Please don’t be offended due to things I write. I don’t aim to offend, if anything my comment was not meant to lecture you but to actually improve things in this discussion and reduce hostility. The problem is that on the internet, everyone is a smartass and a bully, and even when you do finally meet someone who isn’t, it is easy to interpret everything that is said at the maximum level of hostility. I don’t know about you, but my interest in online discussions has dwindled ever since this seemed to become the norm for everything I read, not only in reply to statements made by myself. People don’t want to talk with others, they want to talk TO them, or, even more likely, talk down to them.

So I’ll just make clear that I am definitely not interested in any name-calling or patronizing, and with this clarification I am also not indirectly accusing you of this behavior. I just think that most online talks have reached a point where it is necessary to say this because the natrual assumption we all have started to make is that everyone else is only addressing us to shoot us down.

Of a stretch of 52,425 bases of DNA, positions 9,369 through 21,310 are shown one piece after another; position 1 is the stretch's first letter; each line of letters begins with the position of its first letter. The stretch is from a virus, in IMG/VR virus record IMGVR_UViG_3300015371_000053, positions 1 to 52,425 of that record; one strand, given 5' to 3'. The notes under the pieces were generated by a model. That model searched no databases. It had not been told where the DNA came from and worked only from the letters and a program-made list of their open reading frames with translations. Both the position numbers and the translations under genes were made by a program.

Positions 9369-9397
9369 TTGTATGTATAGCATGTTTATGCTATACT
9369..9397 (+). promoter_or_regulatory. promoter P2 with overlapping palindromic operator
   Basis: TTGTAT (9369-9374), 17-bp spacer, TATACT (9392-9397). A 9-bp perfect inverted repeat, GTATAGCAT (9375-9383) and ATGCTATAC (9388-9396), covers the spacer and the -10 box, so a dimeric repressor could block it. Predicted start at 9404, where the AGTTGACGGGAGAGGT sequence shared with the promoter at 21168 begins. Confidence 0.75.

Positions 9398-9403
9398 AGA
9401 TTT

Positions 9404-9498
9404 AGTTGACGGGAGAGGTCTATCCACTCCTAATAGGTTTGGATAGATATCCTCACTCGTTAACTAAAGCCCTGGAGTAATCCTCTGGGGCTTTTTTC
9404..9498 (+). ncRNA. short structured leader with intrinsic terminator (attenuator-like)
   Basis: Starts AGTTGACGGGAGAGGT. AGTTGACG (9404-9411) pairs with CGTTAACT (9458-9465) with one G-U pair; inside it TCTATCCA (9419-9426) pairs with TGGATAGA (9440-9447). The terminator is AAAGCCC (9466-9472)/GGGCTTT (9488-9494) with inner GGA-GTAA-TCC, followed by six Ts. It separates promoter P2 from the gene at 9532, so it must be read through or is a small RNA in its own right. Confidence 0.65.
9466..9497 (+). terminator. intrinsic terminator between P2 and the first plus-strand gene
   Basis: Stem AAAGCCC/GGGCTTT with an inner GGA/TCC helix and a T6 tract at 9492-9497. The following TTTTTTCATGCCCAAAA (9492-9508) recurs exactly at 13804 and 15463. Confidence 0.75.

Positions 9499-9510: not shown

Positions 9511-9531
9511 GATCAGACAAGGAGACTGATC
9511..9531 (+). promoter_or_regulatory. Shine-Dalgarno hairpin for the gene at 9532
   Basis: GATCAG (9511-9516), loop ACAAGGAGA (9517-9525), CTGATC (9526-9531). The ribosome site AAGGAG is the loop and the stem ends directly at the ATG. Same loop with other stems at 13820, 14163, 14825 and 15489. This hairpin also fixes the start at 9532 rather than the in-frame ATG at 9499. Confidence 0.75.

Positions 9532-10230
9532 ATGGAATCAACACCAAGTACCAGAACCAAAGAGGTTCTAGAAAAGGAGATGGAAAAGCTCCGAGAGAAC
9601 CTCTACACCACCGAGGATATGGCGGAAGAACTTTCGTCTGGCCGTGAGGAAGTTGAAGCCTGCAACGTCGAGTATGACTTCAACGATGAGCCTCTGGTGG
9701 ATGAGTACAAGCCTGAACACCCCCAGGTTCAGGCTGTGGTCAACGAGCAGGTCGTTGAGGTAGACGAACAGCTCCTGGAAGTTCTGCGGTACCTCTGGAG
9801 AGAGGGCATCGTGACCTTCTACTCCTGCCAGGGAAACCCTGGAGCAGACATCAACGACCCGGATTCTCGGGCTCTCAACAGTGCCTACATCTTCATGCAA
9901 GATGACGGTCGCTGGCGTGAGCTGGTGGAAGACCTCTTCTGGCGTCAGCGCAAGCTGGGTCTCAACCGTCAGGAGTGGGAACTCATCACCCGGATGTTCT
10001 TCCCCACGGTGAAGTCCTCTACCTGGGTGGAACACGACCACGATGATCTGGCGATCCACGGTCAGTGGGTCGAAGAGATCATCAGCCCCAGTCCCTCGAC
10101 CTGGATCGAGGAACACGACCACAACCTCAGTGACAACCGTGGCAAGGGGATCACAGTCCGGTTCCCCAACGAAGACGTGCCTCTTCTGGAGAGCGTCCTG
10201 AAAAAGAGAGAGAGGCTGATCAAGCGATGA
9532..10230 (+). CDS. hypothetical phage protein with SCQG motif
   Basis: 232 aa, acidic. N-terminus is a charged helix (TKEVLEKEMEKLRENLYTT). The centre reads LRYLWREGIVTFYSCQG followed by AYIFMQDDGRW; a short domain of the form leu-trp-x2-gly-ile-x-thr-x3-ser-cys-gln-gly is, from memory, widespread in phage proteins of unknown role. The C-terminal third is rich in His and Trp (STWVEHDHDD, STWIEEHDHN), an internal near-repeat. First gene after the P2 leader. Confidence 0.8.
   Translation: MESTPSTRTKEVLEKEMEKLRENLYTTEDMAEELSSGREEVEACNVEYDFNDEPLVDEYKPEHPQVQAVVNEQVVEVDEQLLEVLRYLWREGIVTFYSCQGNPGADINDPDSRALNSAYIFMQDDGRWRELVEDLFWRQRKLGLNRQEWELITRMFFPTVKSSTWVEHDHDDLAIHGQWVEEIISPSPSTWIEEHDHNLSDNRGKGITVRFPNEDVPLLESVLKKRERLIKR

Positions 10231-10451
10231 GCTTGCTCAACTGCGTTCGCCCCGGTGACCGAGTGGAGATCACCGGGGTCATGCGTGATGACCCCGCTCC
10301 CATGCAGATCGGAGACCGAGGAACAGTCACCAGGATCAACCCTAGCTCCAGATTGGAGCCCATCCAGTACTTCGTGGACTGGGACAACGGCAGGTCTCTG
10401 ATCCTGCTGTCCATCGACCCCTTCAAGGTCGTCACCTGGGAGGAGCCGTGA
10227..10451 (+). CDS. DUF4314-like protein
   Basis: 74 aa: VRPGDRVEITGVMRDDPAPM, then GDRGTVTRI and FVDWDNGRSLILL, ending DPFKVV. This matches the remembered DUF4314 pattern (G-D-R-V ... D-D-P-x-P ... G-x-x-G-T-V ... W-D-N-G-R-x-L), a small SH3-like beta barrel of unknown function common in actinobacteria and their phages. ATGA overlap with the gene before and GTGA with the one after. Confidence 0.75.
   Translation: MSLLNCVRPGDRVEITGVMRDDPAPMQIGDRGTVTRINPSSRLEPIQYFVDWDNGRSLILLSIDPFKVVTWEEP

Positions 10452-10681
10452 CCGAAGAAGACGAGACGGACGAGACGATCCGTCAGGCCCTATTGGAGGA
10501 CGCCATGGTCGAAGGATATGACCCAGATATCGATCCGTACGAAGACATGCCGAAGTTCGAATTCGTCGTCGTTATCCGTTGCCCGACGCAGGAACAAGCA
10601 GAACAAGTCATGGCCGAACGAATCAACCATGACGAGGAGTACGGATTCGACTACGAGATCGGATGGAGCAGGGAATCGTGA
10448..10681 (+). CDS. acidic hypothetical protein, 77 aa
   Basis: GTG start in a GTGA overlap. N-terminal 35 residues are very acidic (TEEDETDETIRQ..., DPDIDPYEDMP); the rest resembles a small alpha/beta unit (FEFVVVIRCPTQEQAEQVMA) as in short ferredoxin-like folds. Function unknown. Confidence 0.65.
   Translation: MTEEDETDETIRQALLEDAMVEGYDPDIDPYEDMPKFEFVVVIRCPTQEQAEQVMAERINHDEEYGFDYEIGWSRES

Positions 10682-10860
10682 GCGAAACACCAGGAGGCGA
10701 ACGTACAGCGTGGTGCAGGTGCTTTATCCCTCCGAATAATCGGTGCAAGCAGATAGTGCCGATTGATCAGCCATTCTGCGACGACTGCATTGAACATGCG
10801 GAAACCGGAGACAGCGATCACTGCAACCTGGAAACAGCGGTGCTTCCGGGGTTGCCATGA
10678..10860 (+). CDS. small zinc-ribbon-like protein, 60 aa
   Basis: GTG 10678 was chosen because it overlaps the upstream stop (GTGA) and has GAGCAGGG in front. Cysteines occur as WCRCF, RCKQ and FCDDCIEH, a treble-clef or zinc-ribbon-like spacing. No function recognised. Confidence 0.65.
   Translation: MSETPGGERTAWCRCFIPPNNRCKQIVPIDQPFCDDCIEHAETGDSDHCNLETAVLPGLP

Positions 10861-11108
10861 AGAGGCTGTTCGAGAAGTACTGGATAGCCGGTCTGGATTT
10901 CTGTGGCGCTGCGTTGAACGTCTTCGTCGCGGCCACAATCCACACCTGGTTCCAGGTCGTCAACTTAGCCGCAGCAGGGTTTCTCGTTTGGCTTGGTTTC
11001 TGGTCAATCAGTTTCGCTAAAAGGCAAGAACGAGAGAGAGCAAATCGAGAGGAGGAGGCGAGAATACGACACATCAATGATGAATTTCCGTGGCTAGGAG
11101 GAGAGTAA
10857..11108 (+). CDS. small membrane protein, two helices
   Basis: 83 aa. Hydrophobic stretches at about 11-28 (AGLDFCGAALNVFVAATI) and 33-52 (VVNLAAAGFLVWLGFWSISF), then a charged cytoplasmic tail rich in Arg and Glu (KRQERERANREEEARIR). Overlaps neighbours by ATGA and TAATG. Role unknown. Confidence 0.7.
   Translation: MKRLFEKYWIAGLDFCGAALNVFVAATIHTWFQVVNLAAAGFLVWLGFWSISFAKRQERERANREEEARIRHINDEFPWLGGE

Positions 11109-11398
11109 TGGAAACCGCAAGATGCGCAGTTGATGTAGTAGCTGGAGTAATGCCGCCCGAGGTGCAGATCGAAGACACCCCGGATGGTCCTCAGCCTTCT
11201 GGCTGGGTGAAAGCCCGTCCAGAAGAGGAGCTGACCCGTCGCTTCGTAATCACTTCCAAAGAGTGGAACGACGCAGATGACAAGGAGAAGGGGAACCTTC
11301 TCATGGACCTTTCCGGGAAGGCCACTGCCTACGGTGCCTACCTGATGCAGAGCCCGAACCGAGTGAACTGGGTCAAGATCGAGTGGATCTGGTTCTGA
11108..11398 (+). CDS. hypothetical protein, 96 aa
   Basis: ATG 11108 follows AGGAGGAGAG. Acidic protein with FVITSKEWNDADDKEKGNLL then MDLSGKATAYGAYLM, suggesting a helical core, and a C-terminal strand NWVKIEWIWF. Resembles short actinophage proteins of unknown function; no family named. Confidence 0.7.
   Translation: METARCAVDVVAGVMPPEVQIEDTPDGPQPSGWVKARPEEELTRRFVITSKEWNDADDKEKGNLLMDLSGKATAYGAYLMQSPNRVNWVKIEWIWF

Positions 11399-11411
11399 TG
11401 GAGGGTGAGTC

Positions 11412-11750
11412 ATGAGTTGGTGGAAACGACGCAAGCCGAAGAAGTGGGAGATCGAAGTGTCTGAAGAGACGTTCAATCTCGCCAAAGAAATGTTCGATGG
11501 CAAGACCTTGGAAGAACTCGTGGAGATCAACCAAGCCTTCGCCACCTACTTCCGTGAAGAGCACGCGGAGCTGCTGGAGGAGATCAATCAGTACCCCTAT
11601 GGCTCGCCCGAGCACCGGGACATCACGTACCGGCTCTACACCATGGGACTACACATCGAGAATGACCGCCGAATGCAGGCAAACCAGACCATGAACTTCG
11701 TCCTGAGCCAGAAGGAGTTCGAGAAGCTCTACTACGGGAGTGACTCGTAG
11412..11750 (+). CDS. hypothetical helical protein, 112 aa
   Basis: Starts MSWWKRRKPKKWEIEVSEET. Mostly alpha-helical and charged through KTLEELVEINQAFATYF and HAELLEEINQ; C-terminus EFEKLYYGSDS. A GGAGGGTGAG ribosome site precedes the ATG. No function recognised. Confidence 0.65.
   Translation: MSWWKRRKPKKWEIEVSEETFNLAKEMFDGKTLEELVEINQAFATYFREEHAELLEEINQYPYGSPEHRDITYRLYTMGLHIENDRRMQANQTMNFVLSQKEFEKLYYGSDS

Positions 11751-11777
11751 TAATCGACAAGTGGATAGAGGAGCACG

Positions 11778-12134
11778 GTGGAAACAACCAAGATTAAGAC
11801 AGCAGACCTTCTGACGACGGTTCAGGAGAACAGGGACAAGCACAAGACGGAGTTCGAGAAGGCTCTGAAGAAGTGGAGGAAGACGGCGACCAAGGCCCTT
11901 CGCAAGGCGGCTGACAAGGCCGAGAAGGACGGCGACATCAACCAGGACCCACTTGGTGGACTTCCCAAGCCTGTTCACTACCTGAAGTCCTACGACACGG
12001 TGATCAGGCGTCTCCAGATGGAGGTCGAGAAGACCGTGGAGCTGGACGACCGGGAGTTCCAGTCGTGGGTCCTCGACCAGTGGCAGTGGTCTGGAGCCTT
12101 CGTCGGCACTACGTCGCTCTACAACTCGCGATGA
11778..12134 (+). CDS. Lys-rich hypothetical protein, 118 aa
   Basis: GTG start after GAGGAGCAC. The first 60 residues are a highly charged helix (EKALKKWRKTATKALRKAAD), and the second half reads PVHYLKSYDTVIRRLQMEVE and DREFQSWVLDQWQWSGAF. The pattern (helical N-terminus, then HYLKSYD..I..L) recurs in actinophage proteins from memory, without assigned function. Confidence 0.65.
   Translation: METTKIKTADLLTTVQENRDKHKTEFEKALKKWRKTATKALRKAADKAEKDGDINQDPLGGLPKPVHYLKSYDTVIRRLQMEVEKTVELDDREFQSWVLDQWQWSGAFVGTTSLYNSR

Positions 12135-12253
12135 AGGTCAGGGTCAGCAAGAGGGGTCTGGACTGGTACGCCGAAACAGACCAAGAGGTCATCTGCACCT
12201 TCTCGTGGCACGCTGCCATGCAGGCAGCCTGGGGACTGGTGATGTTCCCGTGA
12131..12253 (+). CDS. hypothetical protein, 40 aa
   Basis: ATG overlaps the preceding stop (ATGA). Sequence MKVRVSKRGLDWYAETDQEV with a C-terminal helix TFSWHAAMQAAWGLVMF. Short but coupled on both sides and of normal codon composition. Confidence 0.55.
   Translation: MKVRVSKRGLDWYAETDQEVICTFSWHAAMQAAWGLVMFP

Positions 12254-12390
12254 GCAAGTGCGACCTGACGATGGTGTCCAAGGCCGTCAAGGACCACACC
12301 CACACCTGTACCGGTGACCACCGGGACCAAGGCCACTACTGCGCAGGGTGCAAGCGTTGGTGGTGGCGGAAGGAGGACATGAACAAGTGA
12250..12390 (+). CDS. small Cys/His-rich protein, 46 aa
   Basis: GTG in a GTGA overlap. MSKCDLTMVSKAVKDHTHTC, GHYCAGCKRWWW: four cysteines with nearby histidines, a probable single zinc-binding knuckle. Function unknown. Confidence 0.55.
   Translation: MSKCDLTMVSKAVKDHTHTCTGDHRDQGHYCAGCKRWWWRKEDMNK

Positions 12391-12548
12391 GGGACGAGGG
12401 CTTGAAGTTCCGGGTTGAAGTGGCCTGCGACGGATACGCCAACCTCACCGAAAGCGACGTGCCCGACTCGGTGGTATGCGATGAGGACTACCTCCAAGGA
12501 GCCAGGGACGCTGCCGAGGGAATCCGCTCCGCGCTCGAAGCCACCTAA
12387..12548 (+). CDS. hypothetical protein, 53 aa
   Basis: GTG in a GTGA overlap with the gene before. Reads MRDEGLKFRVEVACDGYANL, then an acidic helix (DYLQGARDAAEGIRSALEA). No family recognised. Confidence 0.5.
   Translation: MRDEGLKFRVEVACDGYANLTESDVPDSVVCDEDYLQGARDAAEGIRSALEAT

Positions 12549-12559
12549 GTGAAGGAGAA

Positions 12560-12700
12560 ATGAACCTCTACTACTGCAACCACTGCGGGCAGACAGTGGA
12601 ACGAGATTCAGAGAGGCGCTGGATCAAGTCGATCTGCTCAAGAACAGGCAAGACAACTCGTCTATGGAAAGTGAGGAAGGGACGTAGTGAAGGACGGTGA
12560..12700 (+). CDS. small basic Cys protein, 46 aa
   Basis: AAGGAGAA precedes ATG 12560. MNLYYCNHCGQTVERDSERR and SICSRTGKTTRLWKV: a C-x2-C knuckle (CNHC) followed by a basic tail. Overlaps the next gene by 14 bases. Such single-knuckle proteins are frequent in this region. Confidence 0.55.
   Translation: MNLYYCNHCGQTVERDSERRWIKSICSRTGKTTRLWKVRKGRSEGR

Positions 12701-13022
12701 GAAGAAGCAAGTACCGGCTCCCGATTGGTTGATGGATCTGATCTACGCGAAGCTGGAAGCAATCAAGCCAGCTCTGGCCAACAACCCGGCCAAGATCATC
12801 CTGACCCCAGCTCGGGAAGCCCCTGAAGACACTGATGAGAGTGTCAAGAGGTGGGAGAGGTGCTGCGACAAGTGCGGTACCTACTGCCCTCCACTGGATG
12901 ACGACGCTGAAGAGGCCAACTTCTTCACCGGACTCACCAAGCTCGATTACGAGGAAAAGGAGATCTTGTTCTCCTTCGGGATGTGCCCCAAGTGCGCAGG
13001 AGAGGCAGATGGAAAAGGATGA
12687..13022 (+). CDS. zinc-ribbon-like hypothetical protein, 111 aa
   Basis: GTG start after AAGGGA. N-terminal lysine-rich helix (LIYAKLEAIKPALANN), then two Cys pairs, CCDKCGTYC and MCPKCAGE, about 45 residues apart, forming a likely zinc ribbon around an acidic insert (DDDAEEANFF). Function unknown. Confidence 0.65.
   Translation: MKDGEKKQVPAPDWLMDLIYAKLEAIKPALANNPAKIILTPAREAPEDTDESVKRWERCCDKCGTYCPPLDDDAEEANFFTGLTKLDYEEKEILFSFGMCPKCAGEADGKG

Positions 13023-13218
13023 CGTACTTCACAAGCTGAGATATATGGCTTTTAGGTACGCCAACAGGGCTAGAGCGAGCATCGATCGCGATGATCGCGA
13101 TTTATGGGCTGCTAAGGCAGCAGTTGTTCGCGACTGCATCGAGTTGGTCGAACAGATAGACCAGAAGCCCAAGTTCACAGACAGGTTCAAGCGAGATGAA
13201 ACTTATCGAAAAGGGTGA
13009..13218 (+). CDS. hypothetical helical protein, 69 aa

You said you were offended by what I wrote, and I’m quite sorry if that was the case, my intentions were sincere. I was not going to have a meta-discussion, and I was also not going to, directly or indirectly, accuse you or anyone else of having no place in the discussion, least of all based on gender. I assumed that a male feminist will also have the kind of mindframe where he finds it okay to be told by a female how she sees the situation, even if this means stating that perhaps one has to have experienced the world as a female to fully understand what is being said or how it is meant. I don’t see that as denying anyone’s right in participating in the discussion, or even as a statement indicating that a male’s, or your, take on things is less valid than anyone else’s.